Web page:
The maple grove or “sugar bush” Root farm was deemed an ideal location with both sufficient land and resources. The layout was described by J. O. Corliss as “very primitive.”8 Lodging consisted of bolts of factory cloth sewn together and spread over poles. The ends were fastened with nails to either upright posts or tree limbs cut just for the event. Eventually 22 makeshift tents were set up in a circle. Each tent represented a small church or group of families that could hold 12 to 20 people. As one participant remembered, James White woke up early, made a bonfire, and “prepared a kettle of hot porridge for all in the camp.” In “stentorian tones” he invited “all to come and be served.”9 Unfortunately, only one tent, the tent from Olcott, New York, the home church of J. N. Andrews, had a waterproofed covering canvas (or “duck canvas”), which after it rained, convinced other participants that for future camp meetings, waterproofed canvas was an essential requirement. James White had initially urged participants to obtain plain “cotton drilling” so that just in case the venture did not go well, participants could still use the material to make overalls or sack covers. The success of the camp meeting meant that the church needed to invest in proper waterproof sleeping tents.

Some of the tents were 60 feet in diameter. These large tents would become characteristic of both earlier and later camp meetings. The tents were erected as “a precautionary measure against the possibility of stormy weather.” The first tent was pitched to keep straw that was used for either bedding or feeding the horses dry.10 A second tent was reserved for use of campers and reserved as a meeting place in case it rained. Fortunately, the weather was pleasant overall, so the preaching was held in the open air instead. The pulpit was a simple, crude-covered structure made up of boards. The audience was seated on rough planks with risers taken from the nearby beech and maple trees. “The camp was lighted by wood fires,” wrote A. W. Spalding, “built on earth-filled boxes elevated on posts; and there were also log fires on the outskirts to warm the chilly.”11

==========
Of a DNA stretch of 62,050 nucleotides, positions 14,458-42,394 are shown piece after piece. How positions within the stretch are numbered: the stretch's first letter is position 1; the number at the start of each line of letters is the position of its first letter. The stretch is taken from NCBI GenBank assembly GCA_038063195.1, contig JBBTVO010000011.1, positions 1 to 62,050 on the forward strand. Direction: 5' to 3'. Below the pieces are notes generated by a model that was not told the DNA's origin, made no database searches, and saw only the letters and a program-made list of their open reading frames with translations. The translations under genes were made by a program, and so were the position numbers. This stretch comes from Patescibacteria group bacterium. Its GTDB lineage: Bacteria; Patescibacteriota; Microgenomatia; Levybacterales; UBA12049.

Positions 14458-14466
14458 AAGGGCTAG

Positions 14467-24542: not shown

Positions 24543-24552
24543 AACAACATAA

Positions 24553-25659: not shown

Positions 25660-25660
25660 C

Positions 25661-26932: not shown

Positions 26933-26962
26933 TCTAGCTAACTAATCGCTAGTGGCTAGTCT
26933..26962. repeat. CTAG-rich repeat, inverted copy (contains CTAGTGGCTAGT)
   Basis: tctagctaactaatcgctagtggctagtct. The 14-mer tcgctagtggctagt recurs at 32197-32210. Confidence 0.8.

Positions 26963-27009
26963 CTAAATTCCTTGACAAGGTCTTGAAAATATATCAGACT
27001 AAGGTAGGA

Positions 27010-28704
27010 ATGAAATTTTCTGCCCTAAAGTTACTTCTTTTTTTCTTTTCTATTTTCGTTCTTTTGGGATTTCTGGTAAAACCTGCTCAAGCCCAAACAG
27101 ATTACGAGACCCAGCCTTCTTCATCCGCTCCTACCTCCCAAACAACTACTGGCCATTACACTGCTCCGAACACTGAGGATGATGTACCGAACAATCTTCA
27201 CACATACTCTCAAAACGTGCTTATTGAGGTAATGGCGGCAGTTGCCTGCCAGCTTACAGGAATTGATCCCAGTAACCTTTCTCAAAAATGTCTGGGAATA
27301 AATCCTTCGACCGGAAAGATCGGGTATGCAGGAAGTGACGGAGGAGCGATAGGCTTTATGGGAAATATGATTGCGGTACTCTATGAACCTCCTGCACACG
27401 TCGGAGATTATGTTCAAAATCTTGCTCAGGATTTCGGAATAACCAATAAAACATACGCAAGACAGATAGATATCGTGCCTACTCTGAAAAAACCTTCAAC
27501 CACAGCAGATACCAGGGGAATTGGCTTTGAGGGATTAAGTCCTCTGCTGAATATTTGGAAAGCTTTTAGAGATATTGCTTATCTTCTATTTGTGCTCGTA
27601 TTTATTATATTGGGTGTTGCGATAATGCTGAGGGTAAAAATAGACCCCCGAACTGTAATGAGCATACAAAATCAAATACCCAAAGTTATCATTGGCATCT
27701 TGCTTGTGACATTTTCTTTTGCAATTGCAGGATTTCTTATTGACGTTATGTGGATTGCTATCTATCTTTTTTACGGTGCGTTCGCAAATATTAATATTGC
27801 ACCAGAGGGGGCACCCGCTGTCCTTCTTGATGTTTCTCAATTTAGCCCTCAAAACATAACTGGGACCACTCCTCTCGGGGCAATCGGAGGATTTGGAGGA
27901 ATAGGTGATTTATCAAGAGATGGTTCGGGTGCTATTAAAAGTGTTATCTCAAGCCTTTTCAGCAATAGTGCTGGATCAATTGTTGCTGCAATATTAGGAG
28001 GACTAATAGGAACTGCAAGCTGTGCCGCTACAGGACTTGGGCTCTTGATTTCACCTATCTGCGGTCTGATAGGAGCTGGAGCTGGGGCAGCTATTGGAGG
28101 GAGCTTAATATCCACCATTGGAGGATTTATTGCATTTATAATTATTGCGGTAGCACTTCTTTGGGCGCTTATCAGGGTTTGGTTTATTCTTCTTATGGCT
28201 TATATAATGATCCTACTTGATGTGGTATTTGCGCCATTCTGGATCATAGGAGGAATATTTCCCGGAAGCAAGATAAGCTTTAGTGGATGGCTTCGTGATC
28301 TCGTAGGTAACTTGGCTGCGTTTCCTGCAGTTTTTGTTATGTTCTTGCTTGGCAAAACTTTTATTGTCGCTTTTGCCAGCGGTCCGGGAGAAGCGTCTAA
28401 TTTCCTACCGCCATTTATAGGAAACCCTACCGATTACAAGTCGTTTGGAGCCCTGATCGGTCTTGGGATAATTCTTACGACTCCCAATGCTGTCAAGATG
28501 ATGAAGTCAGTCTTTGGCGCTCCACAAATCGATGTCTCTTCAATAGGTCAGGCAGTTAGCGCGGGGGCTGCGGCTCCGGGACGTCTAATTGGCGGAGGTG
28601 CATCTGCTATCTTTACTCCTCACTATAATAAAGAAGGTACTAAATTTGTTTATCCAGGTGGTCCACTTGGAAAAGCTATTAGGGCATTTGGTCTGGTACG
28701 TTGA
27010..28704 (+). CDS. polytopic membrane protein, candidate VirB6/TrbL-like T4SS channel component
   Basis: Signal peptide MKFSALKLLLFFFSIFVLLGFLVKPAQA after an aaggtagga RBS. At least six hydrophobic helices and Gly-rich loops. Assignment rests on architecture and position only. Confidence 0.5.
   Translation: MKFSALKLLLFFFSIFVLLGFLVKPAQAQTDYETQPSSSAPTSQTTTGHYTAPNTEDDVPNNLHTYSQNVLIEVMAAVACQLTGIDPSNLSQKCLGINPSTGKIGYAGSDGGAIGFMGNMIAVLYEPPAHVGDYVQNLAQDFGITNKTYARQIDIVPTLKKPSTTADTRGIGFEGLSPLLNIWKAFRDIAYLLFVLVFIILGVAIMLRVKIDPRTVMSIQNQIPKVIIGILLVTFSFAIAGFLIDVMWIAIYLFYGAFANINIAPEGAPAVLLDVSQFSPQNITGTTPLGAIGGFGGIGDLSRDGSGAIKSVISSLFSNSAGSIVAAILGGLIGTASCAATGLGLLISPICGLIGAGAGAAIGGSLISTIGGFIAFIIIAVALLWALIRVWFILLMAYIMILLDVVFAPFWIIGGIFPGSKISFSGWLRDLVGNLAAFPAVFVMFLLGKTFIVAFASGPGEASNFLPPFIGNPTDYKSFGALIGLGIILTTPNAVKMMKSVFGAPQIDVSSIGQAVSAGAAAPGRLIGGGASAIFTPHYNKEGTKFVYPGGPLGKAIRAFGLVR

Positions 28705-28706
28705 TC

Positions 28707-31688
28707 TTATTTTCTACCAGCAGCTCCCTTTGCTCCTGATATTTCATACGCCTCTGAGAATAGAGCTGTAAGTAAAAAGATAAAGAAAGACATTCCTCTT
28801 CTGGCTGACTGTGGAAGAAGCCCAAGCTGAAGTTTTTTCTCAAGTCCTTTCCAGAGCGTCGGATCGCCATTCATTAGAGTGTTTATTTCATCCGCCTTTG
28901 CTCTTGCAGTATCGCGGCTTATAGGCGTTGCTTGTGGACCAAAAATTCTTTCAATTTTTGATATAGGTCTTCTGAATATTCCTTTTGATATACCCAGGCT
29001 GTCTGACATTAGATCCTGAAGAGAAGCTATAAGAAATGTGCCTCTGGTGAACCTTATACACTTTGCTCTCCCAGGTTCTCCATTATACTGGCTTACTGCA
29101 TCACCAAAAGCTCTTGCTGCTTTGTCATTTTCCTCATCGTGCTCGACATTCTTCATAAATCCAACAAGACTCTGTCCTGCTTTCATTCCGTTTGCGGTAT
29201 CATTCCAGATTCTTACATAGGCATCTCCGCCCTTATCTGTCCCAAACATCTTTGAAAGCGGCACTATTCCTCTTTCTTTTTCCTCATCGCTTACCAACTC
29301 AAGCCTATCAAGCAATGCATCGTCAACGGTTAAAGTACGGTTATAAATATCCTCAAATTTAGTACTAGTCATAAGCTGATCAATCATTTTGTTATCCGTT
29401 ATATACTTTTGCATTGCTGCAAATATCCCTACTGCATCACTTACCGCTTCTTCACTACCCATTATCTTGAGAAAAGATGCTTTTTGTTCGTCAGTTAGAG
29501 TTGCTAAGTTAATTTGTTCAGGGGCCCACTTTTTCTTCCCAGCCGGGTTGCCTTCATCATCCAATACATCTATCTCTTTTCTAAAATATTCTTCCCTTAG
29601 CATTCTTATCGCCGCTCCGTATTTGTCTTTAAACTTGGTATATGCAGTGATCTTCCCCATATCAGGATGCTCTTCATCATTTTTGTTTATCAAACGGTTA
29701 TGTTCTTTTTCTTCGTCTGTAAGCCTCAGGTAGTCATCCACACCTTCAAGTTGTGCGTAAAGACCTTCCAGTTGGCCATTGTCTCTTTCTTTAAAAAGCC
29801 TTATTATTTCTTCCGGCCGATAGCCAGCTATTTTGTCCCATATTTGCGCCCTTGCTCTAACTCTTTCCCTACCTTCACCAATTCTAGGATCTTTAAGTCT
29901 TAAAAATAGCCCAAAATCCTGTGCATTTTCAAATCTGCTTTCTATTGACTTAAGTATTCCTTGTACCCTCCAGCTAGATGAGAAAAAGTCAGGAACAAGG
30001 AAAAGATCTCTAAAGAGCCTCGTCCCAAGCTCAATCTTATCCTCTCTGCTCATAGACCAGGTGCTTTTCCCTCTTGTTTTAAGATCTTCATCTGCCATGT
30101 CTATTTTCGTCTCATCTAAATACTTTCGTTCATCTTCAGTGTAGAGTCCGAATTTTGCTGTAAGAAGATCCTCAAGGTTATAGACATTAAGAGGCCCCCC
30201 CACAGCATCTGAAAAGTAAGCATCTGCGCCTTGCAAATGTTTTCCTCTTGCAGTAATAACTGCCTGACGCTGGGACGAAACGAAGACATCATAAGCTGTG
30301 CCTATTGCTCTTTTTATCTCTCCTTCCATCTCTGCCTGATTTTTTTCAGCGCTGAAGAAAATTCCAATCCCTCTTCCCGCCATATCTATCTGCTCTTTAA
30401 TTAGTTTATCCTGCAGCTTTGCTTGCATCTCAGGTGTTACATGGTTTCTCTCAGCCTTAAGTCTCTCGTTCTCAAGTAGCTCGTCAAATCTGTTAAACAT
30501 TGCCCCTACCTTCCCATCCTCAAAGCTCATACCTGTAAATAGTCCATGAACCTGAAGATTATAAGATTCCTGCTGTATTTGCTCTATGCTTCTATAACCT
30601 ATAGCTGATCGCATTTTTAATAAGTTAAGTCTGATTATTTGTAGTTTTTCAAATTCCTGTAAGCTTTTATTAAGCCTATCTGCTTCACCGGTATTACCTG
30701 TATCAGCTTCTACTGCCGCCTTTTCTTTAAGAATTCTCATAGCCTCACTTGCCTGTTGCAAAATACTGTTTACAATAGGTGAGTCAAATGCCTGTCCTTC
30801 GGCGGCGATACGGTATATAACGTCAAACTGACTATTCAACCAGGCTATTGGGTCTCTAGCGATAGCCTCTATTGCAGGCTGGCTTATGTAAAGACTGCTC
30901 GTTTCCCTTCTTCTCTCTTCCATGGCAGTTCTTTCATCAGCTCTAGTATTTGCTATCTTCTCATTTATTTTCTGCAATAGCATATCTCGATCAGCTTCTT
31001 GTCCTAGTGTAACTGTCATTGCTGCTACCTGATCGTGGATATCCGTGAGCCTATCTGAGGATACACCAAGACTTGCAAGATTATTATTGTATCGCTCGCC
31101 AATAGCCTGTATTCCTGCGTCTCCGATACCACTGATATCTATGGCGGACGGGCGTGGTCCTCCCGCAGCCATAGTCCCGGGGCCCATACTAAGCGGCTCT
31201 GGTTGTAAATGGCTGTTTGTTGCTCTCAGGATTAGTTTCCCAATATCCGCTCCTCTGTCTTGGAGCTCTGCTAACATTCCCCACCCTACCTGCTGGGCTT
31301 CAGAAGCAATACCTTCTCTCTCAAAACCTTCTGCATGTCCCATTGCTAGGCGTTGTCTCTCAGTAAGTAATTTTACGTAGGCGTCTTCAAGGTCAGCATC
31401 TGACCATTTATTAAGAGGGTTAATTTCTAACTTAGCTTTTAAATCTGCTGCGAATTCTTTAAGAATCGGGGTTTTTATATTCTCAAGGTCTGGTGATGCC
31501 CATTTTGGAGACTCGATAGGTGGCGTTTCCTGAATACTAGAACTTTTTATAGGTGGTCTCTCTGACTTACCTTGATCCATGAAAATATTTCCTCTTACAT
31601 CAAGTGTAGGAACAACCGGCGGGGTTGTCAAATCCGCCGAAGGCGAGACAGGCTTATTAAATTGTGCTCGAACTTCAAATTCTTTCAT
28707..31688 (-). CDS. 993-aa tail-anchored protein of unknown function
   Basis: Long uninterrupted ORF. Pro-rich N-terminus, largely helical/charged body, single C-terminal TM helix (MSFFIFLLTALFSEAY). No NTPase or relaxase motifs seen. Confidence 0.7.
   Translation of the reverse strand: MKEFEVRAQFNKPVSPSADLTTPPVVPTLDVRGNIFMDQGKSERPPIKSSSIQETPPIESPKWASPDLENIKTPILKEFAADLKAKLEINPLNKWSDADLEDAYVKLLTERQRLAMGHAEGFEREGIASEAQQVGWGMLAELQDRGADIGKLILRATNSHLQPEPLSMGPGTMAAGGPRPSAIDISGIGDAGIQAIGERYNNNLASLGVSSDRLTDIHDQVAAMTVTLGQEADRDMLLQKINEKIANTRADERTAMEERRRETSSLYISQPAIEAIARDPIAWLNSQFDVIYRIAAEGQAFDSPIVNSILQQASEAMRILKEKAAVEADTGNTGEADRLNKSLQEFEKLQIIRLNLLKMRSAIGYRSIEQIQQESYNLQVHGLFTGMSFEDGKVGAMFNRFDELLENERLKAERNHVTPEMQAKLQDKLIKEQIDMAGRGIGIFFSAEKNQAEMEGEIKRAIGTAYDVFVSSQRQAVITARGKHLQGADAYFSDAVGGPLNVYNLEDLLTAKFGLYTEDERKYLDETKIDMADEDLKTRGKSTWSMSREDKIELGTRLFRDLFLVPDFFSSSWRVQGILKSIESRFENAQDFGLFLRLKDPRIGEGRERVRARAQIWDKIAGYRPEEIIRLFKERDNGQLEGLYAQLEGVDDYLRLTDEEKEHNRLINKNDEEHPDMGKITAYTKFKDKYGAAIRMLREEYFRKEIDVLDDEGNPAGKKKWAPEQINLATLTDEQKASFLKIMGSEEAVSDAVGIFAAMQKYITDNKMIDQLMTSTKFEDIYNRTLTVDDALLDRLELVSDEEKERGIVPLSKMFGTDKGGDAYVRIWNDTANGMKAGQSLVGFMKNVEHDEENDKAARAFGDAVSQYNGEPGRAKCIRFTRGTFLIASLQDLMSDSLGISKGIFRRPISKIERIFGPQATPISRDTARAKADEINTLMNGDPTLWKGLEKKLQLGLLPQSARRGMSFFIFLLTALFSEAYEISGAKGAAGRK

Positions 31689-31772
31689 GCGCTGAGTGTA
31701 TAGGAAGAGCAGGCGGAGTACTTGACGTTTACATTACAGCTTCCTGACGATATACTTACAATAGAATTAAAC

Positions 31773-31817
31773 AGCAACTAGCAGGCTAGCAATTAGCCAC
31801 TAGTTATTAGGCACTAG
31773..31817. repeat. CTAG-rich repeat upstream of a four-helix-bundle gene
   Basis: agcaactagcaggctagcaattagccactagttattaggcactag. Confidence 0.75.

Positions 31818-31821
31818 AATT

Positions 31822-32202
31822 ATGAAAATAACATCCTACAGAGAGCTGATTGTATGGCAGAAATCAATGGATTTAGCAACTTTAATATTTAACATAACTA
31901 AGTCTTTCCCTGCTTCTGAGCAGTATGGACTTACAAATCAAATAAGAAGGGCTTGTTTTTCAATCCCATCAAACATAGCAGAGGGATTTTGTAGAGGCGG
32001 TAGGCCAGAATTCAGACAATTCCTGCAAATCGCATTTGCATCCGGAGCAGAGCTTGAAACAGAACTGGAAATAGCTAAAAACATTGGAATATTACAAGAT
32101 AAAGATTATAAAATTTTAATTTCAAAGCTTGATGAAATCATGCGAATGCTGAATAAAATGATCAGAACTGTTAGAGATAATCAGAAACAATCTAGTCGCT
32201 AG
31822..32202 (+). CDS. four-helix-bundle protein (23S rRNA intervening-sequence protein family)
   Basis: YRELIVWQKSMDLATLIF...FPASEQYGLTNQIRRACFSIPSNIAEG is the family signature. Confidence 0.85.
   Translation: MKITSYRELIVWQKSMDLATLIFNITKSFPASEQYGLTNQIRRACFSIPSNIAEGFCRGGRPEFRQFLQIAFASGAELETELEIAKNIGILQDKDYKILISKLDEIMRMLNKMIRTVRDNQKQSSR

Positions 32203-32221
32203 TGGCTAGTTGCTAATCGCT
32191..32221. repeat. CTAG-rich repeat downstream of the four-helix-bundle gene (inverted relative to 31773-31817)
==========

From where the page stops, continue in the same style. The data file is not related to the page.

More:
The 1868 Wright camp meeting included a primitive Adventist bookstore—a bookstand that was placed at the camp entrance. Three 12-foot boards were placed in a triangle between the trees. The 12-inch boards gave just enough room to place an assortment of tracts, periodicals, and books from the Seventh-day Adventist Publishing Association. Behind stood an aspiring young minister, E. R. Palmer (1869-1931), who would become a lifelong worker in the Adventist publishing work, and John O. Corliss (1845-1923), who would serve as a preacher and missionary. Together they would sell more than $600 worth of books and tracts.12